Could Michael Carrick be Paul Pogba's ideal midfield partner at Manchester United?
If you surveyed football fans from all four corners of the country and asked them to sum up Jose Mourinho’s managerial style in one word, ‘ruthless’ would rank quite high on the list of responses. ‘Win-at-all-costs’ is another phrase that would immediately come to mind. Yet, with the exception of his treatment of Bastian Schweinsteiger, Mourinho has been quite passive in the fledgling weeks of his time as Manchester United manager.
One would have expected more radical change, perhaps involving a few high profile players being dropped, and a clearer sense of who his favourites were in the United squad. At present, however, it seems as if the former Chelsea boss is using the start of this season to assess his squad without interfering too much. He has not stamped his authority nor shaped his team in his own image just yet.
True enough, it is only late September, but Mourinho is not a manager who tends to hang around and take a long term view. As he himself has admitted, getting the players to free themselves of the positional shackles imposed by Louis Van Gaal could be a long process. It may be that Mourinho wants to let them players get over their van Gaal ‘hangover’ before peppering them with his own instruction. One area of the team he has been reluctant to change is central midfield, with Marouane Fellaini and Paul Pogba his preferred pairing.
On first glance, the pair are the type of physical specimens you associate with Mourinho’s sides. From a tactical perspective however, there is a real lack of defensive instinct. Both have more experience further up the pitch; Fellaini spent the latter half of his Everton career as a second striker and was used in this capacity by Van Gaal. Pogba played on the left of a central midfield trio for the majority of his time at Juventus, with Andrea Pirlo and Claudio Marchisio alongside him. Both Watford goals yesterday come via cut backs from the by line to the edge of the box, into areas where a holding midfielder should patrol.
With the ball, Fellaini is an odd fit for a side that has as much possession as United. His individual performances this season have been quite good; he has a pass completion rate of 90% and averaged seven defensive actions per game. That said, he averages only 66 passes per game. However, it is hard to escape the feeling that he is not the right type of defensive midfielder for a club of United’s stature. This role has changed a great deal in the past decade. When Mourinho was starting out as a manager, many of the top sides had destructive players in their midfielder who were tasked solely with breaking up opposition attacks. Javier Mascherano, Gilberto Silva, Claude Makelele and Gennaro Gattuso four notable examples.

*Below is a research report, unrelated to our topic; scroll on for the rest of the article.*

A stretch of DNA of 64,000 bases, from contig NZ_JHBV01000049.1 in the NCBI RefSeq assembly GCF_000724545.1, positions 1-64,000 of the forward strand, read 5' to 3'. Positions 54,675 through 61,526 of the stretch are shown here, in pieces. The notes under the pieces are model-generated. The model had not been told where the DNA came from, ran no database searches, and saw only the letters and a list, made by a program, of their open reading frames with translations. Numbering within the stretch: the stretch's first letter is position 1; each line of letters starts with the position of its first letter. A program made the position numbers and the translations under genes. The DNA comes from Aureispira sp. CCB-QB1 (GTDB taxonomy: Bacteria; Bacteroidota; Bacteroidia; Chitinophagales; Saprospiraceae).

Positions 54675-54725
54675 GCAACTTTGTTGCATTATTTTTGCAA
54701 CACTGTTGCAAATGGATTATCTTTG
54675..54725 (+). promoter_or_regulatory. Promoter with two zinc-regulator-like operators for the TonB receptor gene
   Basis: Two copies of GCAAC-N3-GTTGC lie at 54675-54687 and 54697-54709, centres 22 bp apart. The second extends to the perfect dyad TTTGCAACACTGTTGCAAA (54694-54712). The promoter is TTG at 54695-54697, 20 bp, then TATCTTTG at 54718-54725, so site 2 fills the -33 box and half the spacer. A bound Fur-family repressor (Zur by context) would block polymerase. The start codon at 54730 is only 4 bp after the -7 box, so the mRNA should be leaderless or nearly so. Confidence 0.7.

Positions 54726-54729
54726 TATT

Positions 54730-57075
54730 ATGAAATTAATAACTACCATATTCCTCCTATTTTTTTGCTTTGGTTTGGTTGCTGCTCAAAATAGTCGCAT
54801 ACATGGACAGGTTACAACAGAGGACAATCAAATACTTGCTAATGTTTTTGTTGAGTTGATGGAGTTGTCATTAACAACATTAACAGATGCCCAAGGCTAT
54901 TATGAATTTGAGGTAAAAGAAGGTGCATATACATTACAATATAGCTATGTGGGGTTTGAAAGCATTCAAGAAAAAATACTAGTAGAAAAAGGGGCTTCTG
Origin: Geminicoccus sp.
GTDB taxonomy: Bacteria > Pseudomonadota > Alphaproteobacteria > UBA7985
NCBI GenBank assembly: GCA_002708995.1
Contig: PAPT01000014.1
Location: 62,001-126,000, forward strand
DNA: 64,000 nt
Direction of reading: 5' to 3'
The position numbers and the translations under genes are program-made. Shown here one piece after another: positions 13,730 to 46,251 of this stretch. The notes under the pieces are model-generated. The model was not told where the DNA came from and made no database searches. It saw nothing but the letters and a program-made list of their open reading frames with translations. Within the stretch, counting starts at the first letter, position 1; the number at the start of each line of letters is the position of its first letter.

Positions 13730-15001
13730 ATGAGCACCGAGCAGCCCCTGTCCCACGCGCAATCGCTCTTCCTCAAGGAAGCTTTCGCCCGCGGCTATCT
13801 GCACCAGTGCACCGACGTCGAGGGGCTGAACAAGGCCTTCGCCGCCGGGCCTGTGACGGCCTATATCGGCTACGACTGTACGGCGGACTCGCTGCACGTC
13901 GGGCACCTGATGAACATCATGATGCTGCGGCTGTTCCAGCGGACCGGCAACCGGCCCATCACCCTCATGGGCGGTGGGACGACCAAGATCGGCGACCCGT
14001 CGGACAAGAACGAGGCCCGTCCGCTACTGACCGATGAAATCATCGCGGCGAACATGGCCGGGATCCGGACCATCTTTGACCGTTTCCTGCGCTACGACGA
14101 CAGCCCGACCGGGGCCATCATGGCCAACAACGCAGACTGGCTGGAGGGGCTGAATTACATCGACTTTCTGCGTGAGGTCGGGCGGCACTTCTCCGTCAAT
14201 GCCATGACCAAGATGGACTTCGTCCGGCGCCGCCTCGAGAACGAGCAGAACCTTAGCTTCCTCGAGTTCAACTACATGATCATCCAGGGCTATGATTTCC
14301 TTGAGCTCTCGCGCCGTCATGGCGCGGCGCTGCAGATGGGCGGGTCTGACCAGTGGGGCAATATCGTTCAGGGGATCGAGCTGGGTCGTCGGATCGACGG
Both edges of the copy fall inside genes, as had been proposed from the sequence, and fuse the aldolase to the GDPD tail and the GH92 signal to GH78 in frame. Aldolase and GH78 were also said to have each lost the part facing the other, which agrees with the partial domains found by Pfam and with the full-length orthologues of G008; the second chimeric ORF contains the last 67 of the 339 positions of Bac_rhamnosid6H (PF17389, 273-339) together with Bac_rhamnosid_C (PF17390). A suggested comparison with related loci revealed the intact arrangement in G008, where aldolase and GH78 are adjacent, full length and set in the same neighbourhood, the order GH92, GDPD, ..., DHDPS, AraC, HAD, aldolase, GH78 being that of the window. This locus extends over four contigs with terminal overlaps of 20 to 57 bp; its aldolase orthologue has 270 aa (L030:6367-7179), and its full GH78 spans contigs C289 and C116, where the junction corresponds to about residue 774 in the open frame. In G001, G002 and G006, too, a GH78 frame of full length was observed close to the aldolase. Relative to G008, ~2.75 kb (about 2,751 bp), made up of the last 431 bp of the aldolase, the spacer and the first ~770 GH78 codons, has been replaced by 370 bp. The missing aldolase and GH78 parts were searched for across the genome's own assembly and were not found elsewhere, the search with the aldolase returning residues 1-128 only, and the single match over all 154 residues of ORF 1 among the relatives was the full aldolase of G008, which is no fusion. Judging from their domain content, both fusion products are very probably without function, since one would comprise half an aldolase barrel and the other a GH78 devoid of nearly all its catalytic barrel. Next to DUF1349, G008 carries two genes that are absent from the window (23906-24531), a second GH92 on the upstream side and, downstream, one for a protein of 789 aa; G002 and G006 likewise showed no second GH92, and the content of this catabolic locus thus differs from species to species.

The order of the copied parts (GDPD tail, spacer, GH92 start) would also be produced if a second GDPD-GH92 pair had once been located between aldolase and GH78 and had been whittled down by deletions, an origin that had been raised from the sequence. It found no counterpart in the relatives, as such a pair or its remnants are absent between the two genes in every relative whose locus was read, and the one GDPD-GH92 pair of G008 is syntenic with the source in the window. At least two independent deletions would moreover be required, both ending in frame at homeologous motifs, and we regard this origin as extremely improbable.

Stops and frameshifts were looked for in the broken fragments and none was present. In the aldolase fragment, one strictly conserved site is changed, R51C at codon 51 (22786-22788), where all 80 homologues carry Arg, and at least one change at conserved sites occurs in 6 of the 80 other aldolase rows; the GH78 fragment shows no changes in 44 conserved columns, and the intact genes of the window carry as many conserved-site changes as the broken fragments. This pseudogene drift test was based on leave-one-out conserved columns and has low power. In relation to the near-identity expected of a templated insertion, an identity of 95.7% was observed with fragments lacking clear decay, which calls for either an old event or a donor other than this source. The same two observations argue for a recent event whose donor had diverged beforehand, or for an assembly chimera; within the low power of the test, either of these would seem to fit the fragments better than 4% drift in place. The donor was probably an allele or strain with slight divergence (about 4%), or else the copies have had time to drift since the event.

Nowadays, the best teams in Europe tend to have more constructive, directional players in this position; Sergio Busquets, Toni Kroos and Xabi Alonso. ‘Quarterback’ is another term for this job, coined from American Football. United have had success by building their midfield around Michael Carrick and Paul Scholes in the past. There are many factors behind this change in tact, with one being the stricter laws when it comes to tackling. Also, the need for a player who can receive the ball under pressure and take care of it has become all the more important because of the number of teams who press high and effectively. It becomes difficult to carry a midfielder whose role is purely defensive.
Carrick is extremely good at playing against a press, with his first time pass ‘around the corner’ something of a trademark. It is slightly concerning that a 35-year-old is looking as if he might be the answer after three league defeats, but he is the type of player that will benefit Pogba. The Frenchman is at his best when running, either with or without the ball. He is a competent passer of the ball of course, but you do not want him getting tied down helping United to build play from the back. Ideally, United’s holding midfielder should be finding Pogba in dangerous positions, rather than world record signing trying to pick passes to others. So much of United’s midfield setup is skewed by the continuing presence of Wayne Rooney, but that subject needs an article all of its own.
Pirlo allowed Pogba the freedom to avoid the bread and butter business of build-up play, and focus his energies on producing blockbuster moments in the last third. Mourinho is not going to pluck a player like Pirlo from thin air, but in Carrick he might have a viable short term solution. Ander Herrera and Morgan Schneiderlin, though different from Carrick, have failed to nail down a starting spot since arriving at Old Trafford. Deep lying midfield is likely to be the area where Mourinho makes his next United signing. Until such time, he may want to break open the glass on the ‘In Case Of Emergencies’ option that is Carrick.
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